New Custody Meant New Freedom
There wasn’t anything special about my custody hearing. It went about the same as all the other hearings I’d had up to this point. They asked me questions and I answered them with the intent of saying what I thought they wanted me to say.
In my mind, I believed that every answer I gave them was true. The hope was that they did too. After getting the negative results from my parole board, I was a little nervous. There really wasn’t any reason for the custody board to deny my request, but I didn’t want to get my hopes up.
It didn’t take long to get the results from this custody hearing, maybe a week or two. The results were just what I thought they might be. The board approved my elevation to Trustee and I would be moving out to the Local Parole Unit (LPU). This was some of the best news I’d received since arriving at the Disciplinary Barracks (DB). So many things would change because of this new arrangement.
The point of this custody level was for me to prove that I was trustworthy and then earn the privilege to have so much more freedom. In turn, this was one of the last steps to prepare me for integration back into society. The sooner I moved the better my life would be. My brown prison uniform would be exchanged for a bright blue one, and I would leave the confines of the DB. No more prison walls to keep me contained. Another really important benefit of this new level of custody was that I would no longer be referred to as Inmate. Some of the other benefits, I would not realize until I actually made it out there.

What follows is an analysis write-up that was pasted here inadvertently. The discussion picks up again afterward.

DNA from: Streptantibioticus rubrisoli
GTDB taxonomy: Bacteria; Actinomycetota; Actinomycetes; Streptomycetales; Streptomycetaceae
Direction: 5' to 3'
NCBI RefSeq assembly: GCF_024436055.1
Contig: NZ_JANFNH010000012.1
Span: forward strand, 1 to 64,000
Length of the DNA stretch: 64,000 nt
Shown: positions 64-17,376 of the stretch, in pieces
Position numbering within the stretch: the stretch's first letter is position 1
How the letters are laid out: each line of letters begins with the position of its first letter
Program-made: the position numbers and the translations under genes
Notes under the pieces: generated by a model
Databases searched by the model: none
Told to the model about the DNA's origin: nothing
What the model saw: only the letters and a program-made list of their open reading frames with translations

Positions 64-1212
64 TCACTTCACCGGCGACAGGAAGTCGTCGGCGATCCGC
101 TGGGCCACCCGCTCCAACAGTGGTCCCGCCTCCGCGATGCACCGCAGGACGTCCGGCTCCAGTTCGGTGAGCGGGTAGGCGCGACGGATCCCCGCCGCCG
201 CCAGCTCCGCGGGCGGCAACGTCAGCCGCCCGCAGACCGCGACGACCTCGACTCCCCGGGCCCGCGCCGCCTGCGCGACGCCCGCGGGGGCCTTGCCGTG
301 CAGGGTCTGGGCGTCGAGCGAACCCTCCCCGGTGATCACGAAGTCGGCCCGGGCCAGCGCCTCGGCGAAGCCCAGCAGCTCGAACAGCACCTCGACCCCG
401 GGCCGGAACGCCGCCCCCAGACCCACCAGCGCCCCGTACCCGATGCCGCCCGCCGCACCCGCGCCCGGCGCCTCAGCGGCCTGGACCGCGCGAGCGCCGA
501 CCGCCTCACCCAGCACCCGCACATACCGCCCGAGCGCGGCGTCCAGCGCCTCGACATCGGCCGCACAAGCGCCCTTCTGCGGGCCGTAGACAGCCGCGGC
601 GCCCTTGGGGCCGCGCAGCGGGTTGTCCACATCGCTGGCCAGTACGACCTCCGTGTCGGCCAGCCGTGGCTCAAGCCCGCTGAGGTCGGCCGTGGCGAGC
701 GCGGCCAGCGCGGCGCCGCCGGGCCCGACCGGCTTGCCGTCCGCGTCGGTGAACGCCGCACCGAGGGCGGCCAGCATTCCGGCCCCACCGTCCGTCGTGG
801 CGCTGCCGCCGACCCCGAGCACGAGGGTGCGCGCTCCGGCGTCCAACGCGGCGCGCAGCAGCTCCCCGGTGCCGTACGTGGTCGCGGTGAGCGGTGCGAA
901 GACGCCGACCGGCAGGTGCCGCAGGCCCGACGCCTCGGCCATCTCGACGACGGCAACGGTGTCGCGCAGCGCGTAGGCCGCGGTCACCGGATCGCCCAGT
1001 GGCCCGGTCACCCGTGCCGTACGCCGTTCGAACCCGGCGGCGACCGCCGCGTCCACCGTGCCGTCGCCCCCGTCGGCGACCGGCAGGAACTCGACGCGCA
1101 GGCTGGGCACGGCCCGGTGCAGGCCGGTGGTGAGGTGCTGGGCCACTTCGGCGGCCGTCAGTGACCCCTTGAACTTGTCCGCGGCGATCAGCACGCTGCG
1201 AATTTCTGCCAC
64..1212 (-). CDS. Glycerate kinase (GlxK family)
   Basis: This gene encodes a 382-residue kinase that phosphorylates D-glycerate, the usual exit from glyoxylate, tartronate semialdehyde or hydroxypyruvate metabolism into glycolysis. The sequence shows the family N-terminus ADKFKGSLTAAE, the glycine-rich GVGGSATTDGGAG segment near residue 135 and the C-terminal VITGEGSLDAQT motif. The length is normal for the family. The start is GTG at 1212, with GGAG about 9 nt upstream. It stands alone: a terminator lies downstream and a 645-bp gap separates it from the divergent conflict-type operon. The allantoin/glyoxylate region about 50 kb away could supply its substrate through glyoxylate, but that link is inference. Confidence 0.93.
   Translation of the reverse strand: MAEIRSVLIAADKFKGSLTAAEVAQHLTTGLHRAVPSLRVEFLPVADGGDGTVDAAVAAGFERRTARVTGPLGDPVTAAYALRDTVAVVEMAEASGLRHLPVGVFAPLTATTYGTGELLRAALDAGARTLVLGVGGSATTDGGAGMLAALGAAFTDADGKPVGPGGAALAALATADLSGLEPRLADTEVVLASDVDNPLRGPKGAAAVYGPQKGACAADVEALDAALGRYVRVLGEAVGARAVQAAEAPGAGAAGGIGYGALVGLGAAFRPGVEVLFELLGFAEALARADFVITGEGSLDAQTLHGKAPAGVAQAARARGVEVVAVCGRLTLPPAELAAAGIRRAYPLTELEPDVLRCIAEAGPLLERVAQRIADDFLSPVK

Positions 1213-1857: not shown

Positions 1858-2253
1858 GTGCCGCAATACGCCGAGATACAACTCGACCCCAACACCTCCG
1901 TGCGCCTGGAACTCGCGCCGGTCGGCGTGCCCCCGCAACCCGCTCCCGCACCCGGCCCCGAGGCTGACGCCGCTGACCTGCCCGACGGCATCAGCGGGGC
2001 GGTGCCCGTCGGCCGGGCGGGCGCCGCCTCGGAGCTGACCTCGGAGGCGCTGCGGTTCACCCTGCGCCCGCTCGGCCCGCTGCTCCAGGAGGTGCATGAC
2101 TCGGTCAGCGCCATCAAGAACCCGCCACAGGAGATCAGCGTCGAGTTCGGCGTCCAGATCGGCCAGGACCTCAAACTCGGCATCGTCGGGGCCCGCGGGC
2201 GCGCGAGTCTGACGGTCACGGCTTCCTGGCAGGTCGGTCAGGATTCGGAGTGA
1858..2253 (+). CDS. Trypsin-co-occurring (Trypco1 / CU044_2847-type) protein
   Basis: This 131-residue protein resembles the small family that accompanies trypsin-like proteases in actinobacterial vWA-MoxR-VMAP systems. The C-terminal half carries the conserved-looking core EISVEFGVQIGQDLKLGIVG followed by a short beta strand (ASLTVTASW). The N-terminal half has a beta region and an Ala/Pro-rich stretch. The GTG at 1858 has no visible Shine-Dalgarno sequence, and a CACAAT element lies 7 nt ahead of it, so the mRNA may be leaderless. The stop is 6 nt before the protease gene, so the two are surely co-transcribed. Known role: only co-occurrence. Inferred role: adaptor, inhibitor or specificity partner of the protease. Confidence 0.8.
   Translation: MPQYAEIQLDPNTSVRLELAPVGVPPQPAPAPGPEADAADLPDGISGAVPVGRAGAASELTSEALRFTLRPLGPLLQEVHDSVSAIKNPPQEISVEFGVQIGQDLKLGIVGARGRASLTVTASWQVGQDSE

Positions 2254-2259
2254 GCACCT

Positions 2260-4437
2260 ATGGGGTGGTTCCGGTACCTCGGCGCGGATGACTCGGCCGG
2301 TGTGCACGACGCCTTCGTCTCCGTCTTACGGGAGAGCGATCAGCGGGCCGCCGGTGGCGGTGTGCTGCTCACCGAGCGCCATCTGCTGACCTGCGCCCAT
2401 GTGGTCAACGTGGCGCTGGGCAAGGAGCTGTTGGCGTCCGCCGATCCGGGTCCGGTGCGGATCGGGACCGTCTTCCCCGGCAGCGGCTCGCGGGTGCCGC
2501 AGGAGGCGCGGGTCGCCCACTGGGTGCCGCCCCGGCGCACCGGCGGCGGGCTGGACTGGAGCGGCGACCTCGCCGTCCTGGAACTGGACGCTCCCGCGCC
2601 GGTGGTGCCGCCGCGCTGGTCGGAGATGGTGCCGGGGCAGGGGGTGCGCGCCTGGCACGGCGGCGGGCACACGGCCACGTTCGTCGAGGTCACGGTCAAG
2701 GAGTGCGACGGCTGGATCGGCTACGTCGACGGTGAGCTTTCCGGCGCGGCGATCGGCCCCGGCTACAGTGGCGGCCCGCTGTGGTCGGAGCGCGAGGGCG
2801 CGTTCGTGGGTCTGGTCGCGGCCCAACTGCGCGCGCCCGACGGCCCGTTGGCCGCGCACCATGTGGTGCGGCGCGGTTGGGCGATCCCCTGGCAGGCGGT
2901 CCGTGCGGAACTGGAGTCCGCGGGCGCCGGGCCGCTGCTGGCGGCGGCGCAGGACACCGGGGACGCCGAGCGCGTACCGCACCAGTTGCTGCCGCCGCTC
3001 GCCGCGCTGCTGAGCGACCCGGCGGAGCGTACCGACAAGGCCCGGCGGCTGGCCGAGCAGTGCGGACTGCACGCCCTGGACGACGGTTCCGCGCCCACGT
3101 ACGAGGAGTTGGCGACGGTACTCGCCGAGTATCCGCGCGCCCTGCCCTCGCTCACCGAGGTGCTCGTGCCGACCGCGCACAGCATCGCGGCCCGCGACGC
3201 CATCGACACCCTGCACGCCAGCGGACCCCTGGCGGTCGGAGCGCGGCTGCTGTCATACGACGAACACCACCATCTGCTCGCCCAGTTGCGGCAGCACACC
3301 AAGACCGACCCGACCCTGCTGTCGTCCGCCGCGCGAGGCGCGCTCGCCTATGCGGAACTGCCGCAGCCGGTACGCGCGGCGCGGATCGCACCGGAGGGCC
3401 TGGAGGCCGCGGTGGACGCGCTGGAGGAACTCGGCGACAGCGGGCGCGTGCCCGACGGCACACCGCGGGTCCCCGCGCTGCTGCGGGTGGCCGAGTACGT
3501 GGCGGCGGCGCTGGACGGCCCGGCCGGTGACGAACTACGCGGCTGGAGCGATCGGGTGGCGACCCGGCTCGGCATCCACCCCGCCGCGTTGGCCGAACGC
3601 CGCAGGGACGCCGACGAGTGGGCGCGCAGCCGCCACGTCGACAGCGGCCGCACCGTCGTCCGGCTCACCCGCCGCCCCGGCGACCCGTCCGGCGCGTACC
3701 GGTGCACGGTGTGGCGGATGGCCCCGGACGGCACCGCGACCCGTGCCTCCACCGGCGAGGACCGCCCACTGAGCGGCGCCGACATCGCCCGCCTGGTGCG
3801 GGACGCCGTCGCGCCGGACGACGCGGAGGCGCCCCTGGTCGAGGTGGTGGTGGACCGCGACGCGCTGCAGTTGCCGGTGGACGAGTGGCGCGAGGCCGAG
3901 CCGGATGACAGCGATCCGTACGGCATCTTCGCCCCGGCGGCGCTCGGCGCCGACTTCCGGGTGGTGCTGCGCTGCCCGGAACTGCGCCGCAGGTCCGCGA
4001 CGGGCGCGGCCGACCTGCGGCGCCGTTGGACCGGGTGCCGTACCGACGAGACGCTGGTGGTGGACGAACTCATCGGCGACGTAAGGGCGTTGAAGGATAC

Even though I wasn’t leaving just yet, I needed to do something. The amount of personal property that I owned wasn’t much, but I started going through it to purge the junk and organize the important stuff. Anything to make me feel like I was moving immediately.
The joy of knowing that I would be leaving my job at the 3 Wing mess hall was unexplainable. It had only been a year and a half since I started that job, but I wanted out of it since day one. Unfortunately, my detail would remain the same. The LPU had its own dining facility and the DB felt that it’s where I belonged. This didn’t really excite me but under the circumstances, I couldn’t complain. Even if I did, it wouldn’t change anything anyways.
There were a few people in B-6 that I respected enough to miss when I left. My friend Wally was one of them, but I would be able to see him during NA meetings. All the classes, the chapel, medical, dental, and mental hygiene appointments were still inside the walls. Coming back inside would be unavoidable, however I would not have to stay.
About a month later, when the day came for me to move, I was ready. Grabbing all of my personal belongings that were all organized and secure, I headed towards the door of building B-6 that lead out into the courtyard. As I passed the guard desk to sign out, he informed me that I needed to head to West Gate. Once I got there a guard told me so go through the door at the foot of the watch tower. Ironically this was the same door I came through when I arrived at the DB almost two years ago. When I stepped into the tower, I saw another door with a window.
This door lead to the outside but more importantly, it lead to the blue military van that was waiting to take me to the LPU.
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